And, you know, the UFC was this freak show for a number of years and people, you know, it was, it was promoted as this no whole bars competition. And it was failing because that will they’ll blocked in a lot of States. They weren’t able to get on to television, you know, and all their revenues were going down.
And so what Dana and the Lorenzo brothers did together. Ah, so the Fertitta brothers did together was to, was the properly, regulate the sport and create the sport of mixed martial arts. And it was through that proper regulation that, you know, lift bands in States throughout the U S and then regulate the sport throughout the world.
And then, you know, The UK was a prime destination for international expansion. Australia was a top of that list as well, Canada. And so that the, the momentum built off the back of that. And, and now we’ve got the business, what it is, what it is today.
Dom: And what about in Australia in 2020? What are the, you know, how big is this sport?
What are some upcoming athletes to be saying?
Peter: Yeah, we’ve seen some tremendous growth since that 2010, that first event we had UFC 110. we had two sold out back to that, arena events in Sydney in 2010, 2011. And we had very few Australian athletes. I think we had maybe a handful that either represented UFC internationally or locally.
and we’ve seen tremendous growth and the fan base was always there since we, since we came in 2010 and then. Grown exponentially since then, over that, over these periods of saying about 50 athletes represent either Australia or New Zealand in that time. And we’ve, we’ve currently have about 15 to 18, currently active, athletes on the roster.
So in terms of participation, we’ve done exceptionally well of people representing, Australia, New Zealand. We have two current champions. Israel from New Zealand and Alex from Australia, which really shows that, that, you know, we’re a mature market. We’ve got athletes, we’re representing the country as well.
And having a local champion does so much to, I guess, build sport and the fan interest, in a particular market. we’ve done 18 events across. Seven different cities in Australia, New Zealand. And, and, and the future is bright . We continue to, as I mentioned, build that fan base, bring in new partners.
And I think that the vision that we have for the future is, is crystallizing and we’re slowly maturing into, into an adult. Yeah.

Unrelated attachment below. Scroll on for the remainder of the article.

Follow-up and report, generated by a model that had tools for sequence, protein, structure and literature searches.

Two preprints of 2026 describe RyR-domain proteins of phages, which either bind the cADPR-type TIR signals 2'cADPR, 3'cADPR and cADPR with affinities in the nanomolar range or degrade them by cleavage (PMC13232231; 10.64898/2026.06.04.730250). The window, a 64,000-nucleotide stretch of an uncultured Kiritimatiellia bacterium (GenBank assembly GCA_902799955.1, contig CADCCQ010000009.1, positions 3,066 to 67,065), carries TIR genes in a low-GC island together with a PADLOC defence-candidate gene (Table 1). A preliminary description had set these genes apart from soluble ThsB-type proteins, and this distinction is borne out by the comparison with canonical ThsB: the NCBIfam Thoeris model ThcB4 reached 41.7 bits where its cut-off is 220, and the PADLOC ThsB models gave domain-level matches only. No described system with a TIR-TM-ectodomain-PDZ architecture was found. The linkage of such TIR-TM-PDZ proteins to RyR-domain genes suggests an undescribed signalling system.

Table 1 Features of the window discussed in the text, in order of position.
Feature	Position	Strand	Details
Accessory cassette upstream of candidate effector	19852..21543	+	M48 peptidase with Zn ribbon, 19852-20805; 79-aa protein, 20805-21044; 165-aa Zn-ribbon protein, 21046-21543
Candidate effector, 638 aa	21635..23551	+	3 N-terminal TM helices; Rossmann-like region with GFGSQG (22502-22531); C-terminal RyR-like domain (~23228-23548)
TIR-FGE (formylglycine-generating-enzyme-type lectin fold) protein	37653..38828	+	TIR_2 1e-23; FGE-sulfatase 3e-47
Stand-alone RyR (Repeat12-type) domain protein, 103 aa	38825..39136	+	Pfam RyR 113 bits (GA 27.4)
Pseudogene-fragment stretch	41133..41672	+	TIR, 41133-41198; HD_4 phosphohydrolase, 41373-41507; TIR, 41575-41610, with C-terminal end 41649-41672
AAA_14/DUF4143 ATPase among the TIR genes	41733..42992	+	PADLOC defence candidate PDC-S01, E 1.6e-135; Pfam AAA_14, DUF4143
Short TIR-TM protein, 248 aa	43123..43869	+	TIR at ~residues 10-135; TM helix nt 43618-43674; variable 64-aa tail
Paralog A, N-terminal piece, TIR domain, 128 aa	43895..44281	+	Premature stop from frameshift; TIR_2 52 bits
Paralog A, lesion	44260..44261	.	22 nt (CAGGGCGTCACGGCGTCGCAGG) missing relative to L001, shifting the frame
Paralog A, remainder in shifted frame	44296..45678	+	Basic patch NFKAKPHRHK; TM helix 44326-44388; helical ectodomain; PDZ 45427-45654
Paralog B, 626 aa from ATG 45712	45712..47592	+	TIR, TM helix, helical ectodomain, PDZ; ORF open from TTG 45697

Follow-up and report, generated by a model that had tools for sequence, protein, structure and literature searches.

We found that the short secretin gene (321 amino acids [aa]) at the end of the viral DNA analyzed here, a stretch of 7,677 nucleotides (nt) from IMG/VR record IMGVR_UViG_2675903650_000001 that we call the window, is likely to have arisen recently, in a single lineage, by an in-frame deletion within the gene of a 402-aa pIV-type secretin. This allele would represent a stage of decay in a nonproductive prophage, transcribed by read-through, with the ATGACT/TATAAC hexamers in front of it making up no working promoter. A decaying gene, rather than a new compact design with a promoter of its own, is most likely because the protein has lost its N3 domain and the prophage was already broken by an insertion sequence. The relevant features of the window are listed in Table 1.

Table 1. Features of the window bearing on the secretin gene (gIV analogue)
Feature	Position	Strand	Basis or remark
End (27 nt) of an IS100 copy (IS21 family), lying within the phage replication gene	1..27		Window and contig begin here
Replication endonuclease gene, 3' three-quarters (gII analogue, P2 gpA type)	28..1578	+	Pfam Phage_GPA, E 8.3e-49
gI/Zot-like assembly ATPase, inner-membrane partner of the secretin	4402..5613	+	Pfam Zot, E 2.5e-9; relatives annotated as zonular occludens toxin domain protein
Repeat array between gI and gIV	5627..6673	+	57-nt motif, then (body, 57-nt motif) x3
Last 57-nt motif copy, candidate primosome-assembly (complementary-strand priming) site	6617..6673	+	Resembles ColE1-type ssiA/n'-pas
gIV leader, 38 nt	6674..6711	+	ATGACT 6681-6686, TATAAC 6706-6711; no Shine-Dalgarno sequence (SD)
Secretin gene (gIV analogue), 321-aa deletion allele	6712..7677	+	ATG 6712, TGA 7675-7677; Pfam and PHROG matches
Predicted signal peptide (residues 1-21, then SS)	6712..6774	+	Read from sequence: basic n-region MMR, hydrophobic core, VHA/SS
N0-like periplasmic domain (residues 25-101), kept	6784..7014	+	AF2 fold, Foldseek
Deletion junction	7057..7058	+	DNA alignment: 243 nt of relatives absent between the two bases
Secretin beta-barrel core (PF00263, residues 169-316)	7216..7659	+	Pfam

Faz: But it’s a great story. And I think, you know what, I am my passion around UFC and. And, is around, how I focus on fitness and you know, how I, how do I, when I watched the matches and the people, the people involved in the athletes, it’s, you know, what, what is their training regime?
How do they, you know, how do they keep fit? How they stay competitive. For that long and, and, and so on and so forth. And that’s the that’s, I think it’s the, that’s the real focus of the brand now, and that spoke of focus of the sport, which is really driving a lot of the conversations I have with my groups of friends and, and things like that.
And it’s, I think it’s really inspirational around that. I think we all Fitness is. A bit of a trend at the moment, and I think it’s a good trend. All right. We speak about a lot of things around trends and fitness is a good trend. I think you’ll see, you know, amplifies that into a completely different way and imagine the feeling in, in the, in the type of space where UFC plays right in the feeling you get to be able to do something, to be able to be that fit the, the way it leads you is, is in a second to none in my, in my ex my experience.
Now, if you look at me, I’m probably not a UFC athlete yet. I might not. I’m definitely focusing on that. Right. Yeah. And that’s, I mean, that’s, that’s my next question, right? Is that, you know, a lot of businesses, especially during COVID time is all about diversification and all these different things. And I know the UFC has diversified.
There’s the UFC gyms that you have in the market as well. you know, there’s obviously your OTT platform around content and things like that. And I mean, You want to talk to us about the different phases? So you obviously have your core sport, but how do you take that to market different why’s that?
How do you build your fan base around all these different types of things that happen around UFC?
Peter: Sure. I think that it’s, it’s pretty simple. You build a business on, through having strong partnerships, whether it’s your media partners and content partners through the responses that you have through affiliate affiliates and add another kind of franchising things, a lot UFC gyms, but it’s the sum of all those parts and, you, right.
We, you only. You’re judged by the company that you keep, and if you kept good company and then you can set yourself up for success. And we’ve seen that over the years, a lot of credit goes to, you know, the, the, the broadcast partners that we’ve had over the last 10 years in Australia, they’ve helped us grow.
And, and content is definitely the number one pillar of our business. And we’ve seen that in recent times where. You know, everybody’s faced a lot of challenges in response to the pandemic. but what is, what we’ve been able to continue to do is create and build on our content with, with the we’re back on schedule and it comes out scheduled events, and we’ve been delivering the content in terms of our live events for fans to watch at home, you know, have a lockdown.
So content is definitely the number one up there, and there’s a lot of time and effort and resource gone into how that looks and feels.
MATE sport is at the heart of our brand. Right. and so if you look at our, our brand ambassadors, you know, we’ve got Matty Ryan, who’s the Australian goalkeeper, based in the English premier league.